Barriers to the Science of Security
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In the past few years, there has been significant interest in promoting the idea of applying scientific principles to information security. The main point made by information security professionals who brief at workshops and conferences seems to be that our field of information security is finally mature enough to begin making significant strides towards applying the scientific approach. Reports such as the Jasons report on the Science of Security point to examples and approaches we should take to achieve success in applying science to security. Audiences everywhere enthusiastically agree and thrash themselves for bypassing science all along, bemoaning the fact that we could be "so much further along" if we only did science. Of course, after the presentation is over, everyone goes back to the methods that have been used throughout our generation to create prototypes and tools with no regard for the scientific principles involved. Why? In this presentation, I explore the barriers to adopting a scientific approach to experimental information security projects, including:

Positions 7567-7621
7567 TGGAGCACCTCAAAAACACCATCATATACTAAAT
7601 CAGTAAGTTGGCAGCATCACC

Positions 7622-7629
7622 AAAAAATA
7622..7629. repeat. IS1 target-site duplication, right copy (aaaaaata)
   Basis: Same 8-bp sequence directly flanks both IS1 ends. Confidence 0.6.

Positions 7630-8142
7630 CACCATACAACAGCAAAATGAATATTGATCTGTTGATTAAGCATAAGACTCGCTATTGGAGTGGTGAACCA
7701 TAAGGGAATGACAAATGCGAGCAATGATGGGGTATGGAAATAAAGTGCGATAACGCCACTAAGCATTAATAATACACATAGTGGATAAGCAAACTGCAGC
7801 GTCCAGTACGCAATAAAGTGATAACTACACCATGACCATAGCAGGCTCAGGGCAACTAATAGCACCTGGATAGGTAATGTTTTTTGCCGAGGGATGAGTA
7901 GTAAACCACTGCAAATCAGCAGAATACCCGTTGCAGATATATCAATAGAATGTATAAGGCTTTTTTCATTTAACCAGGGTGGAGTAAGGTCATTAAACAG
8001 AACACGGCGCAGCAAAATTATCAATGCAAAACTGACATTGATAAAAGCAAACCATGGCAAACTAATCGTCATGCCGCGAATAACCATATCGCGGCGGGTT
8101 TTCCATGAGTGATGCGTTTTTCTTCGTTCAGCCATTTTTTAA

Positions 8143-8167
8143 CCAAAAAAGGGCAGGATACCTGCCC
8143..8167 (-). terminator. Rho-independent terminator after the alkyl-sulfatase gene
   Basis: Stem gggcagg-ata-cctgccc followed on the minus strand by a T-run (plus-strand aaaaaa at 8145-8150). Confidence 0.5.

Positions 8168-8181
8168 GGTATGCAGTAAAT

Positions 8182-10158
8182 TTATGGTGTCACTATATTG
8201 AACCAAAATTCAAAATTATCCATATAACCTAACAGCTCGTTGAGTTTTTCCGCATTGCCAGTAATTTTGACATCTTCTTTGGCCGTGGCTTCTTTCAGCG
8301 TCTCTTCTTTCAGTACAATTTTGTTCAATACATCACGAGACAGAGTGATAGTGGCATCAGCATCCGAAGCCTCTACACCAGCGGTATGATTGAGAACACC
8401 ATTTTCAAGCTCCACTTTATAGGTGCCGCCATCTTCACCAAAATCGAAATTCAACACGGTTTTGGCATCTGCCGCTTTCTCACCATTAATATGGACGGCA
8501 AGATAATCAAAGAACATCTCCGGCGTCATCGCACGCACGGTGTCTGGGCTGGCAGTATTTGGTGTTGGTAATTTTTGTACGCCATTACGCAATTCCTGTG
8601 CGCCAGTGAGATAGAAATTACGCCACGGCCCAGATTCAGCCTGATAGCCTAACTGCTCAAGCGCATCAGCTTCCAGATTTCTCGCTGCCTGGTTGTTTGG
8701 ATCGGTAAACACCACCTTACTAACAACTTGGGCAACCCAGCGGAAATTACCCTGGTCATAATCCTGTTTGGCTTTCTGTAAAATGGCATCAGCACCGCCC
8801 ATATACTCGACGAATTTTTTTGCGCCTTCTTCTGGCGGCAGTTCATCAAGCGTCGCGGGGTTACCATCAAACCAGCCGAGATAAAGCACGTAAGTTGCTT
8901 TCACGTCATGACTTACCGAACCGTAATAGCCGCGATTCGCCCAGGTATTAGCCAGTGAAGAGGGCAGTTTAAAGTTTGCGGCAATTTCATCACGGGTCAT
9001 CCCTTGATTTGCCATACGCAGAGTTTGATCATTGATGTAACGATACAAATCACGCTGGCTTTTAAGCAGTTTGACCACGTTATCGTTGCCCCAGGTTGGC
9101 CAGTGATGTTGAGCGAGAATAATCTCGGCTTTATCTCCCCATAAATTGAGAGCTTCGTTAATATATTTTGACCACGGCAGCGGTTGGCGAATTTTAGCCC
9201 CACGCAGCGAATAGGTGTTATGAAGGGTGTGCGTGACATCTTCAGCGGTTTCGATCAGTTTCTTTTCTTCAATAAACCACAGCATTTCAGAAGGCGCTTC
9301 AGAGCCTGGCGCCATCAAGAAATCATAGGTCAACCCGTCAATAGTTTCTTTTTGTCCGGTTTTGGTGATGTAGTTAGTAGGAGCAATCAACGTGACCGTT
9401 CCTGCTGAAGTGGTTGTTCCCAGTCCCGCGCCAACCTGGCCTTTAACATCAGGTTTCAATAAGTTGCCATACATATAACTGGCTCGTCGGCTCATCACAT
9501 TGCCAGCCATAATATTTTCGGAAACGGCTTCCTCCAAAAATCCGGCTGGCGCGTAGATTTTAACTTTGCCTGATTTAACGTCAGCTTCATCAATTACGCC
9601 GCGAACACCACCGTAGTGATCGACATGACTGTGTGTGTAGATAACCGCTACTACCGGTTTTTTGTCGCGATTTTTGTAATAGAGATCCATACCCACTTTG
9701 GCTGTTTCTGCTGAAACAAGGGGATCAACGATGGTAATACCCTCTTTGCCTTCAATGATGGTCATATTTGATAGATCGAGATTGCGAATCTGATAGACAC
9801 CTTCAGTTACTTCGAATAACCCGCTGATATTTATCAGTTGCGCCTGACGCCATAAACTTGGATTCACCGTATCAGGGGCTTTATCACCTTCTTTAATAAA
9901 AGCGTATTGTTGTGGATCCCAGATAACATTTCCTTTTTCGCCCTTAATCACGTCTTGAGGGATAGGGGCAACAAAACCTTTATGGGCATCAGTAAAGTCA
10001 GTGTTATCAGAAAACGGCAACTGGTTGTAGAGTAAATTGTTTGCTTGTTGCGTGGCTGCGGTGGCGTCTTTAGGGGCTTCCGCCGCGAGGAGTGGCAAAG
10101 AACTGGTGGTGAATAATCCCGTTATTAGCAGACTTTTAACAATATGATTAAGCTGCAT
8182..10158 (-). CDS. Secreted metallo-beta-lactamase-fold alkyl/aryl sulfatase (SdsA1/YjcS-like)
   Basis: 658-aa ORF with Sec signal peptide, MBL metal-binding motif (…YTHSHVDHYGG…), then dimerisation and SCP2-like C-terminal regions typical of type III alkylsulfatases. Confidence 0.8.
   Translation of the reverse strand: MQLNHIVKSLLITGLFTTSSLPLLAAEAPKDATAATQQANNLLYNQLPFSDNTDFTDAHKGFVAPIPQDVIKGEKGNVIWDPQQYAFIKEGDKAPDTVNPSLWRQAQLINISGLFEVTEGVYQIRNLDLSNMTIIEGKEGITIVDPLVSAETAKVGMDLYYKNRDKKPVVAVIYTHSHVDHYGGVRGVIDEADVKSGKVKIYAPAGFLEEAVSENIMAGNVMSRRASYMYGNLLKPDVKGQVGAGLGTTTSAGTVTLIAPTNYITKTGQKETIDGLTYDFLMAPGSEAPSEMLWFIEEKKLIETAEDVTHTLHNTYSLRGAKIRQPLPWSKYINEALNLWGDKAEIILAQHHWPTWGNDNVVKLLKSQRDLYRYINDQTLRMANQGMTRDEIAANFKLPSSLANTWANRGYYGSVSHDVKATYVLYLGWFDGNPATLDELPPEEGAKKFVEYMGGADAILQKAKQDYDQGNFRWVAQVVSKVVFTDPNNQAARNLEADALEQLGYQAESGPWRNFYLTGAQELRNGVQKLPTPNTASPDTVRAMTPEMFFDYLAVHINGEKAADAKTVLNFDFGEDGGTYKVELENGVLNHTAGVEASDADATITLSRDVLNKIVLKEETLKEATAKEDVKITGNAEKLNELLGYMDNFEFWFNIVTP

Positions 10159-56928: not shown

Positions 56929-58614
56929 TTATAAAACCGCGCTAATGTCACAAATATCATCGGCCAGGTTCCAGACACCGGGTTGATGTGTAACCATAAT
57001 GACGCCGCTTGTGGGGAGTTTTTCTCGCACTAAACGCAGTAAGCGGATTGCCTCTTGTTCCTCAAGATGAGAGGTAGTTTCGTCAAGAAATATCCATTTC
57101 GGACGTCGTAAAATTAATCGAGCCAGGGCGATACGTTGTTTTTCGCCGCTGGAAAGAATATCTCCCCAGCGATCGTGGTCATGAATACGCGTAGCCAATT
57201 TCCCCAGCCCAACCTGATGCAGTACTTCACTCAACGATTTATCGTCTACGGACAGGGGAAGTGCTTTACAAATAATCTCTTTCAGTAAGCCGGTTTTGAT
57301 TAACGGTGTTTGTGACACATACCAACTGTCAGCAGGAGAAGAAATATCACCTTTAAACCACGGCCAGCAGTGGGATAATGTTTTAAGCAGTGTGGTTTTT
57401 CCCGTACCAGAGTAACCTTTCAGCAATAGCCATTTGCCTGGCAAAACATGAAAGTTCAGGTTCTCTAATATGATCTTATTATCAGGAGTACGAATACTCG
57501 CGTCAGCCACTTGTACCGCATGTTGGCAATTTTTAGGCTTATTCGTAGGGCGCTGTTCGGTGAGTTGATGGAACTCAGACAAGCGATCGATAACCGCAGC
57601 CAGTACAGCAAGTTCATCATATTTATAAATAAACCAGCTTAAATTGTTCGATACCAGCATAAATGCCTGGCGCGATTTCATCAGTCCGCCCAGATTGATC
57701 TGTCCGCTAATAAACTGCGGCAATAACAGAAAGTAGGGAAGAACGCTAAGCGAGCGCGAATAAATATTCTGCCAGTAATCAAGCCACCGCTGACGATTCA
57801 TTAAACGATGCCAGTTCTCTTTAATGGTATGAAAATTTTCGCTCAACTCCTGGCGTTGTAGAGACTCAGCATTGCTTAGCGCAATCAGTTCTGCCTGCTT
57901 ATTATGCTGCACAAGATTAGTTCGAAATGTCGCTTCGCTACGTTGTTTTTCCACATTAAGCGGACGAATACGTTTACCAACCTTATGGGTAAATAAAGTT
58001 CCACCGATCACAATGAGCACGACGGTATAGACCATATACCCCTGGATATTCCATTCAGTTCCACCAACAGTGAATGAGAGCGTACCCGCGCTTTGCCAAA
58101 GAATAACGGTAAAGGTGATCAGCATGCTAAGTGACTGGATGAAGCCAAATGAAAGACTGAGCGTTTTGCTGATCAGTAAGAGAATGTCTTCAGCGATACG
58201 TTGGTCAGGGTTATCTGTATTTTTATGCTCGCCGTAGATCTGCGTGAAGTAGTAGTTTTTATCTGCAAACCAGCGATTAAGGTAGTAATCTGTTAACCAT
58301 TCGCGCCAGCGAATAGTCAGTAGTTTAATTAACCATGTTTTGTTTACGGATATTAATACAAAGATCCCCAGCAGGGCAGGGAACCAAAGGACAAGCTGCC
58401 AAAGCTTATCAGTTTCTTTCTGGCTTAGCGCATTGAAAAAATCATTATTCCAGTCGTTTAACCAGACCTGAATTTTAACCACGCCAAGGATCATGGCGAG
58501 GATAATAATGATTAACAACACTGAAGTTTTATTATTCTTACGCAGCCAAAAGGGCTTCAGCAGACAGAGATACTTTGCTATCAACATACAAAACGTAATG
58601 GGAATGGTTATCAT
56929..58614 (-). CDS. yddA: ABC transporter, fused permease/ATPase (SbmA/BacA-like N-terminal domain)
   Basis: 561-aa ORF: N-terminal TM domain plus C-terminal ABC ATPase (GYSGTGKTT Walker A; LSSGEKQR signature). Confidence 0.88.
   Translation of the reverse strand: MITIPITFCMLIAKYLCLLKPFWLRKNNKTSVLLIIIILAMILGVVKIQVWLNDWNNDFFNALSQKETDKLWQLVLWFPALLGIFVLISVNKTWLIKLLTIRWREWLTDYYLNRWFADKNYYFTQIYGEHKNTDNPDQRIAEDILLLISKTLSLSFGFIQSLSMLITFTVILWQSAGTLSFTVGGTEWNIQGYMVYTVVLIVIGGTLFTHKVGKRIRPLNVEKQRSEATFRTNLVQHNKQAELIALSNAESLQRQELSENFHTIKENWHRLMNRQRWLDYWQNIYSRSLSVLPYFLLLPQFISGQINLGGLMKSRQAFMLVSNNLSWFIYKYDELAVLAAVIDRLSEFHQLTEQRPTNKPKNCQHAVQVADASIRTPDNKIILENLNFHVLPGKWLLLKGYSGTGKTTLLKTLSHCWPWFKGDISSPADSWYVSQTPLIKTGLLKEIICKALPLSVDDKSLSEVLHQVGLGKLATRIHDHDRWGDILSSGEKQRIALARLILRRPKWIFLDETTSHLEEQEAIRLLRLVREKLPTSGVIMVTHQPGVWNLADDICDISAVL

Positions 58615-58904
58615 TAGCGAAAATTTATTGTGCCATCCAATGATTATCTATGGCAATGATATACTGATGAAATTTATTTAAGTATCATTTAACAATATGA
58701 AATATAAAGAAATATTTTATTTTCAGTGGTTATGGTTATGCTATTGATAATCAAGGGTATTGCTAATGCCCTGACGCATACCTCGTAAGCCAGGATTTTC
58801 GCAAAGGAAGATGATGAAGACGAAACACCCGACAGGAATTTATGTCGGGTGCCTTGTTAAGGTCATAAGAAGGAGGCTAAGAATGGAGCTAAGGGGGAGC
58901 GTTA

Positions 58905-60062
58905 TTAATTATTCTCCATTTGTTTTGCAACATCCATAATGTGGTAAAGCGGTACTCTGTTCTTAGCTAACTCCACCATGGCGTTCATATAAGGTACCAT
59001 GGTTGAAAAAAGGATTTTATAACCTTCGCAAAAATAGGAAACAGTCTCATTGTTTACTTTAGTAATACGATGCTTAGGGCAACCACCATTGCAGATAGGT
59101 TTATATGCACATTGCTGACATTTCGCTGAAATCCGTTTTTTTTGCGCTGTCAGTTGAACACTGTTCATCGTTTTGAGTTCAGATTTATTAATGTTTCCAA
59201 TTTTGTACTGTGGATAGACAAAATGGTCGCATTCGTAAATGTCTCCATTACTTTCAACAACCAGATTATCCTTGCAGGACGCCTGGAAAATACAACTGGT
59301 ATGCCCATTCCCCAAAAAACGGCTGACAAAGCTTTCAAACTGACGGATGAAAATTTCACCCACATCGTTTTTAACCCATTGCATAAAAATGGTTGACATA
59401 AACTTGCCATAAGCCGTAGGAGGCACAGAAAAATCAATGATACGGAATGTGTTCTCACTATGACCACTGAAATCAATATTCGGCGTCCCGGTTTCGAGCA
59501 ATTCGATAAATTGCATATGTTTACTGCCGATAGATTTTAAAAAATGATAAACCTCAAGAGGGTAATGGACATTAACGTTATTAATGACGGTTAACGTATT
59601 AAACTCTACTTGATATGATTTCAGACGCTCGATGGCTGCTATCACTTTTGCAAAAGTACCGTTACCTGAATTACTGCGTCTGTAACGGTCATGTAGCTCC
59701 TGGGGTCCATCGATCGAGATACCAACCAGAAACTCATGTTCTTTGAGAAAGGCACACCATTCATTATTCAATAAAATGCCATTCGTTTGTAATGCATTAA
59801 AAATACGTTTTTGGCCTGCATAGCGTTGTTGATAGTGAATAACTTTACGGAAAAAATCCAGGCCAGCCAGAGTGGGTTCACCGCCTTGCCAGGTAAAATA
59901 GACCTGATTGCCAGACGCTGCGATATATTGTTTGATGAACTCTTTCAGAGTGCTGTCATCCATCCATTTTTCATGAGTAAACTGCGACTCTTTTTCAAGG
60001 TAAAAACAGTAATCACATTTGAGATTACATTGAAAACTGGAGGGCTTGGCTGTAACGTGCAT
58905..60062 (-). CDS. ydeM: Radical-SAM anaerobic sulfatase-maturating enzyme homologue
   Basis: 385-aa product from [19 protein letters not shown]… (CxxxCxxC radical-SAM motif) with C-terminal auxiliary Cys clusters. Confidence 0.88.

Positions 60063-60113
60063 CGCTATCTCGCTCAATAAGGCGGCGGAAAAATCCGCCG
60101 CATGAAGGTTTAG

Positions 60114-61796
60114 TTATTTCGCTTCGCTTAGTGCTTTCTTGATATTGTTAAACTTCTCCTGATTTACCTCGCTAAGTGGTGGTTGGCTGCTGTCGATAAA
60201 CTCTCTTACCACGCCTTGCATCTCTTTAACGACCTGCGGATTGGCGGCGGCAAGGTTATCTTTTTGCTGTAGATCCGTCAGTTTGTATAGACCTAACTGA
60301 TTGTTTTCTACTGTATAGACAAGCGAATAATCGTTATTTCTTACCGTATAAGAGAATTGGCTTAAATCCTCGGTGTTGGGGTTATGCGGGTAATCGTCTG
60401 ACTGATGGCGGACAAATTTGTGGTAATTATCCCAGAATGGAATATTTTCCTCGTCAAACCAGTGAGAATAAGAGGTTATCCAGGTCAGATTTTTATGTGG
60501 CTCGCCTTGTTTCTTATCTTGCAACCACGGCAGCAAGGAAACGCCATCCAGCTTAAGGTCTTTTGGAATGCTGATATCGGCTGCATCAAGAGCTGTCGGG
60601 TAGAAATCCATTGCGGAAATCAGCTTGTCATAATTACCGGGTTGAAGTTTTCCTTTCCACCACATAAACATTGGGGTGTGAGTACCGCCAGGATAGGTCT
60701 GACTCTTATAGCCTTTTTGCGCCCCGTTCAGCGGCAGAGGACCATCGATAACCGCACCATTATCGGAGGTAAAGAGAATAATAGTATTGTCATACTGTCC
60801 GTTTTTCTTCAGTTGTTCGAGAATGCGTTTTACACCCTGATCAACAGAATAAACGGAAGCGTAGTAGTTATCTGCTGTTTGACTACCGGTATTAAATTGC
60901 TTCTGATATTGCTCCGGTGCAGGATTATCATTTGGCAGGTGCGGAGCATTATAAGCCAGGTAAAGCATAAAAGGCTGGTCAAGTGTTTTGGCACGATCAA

- time to publish as a primary driver
- standard of peer reviews in conferences and journals
- expectation of a breakthrough in every publication
Based on overcoming these issues, I will explore a more practical way by focusing on changes in attitudes and processes necessary for science of security to become more the rule than the exception.
Dr. Tom Longstaff is currently on a two-year assignment as the Technical Director of the Systems Behavior group within the DoD National Security Agency. Prior to coming to NSA in 2012, Tom was the Chief Scientist for the Cyber Missions Branch of the Applied Physics Laboratory (APL). Tom is also the chair of the Computer Science, Information Assurance, and Information Systems Engineering Programs within the Whiting School at The Johns Hopkins University.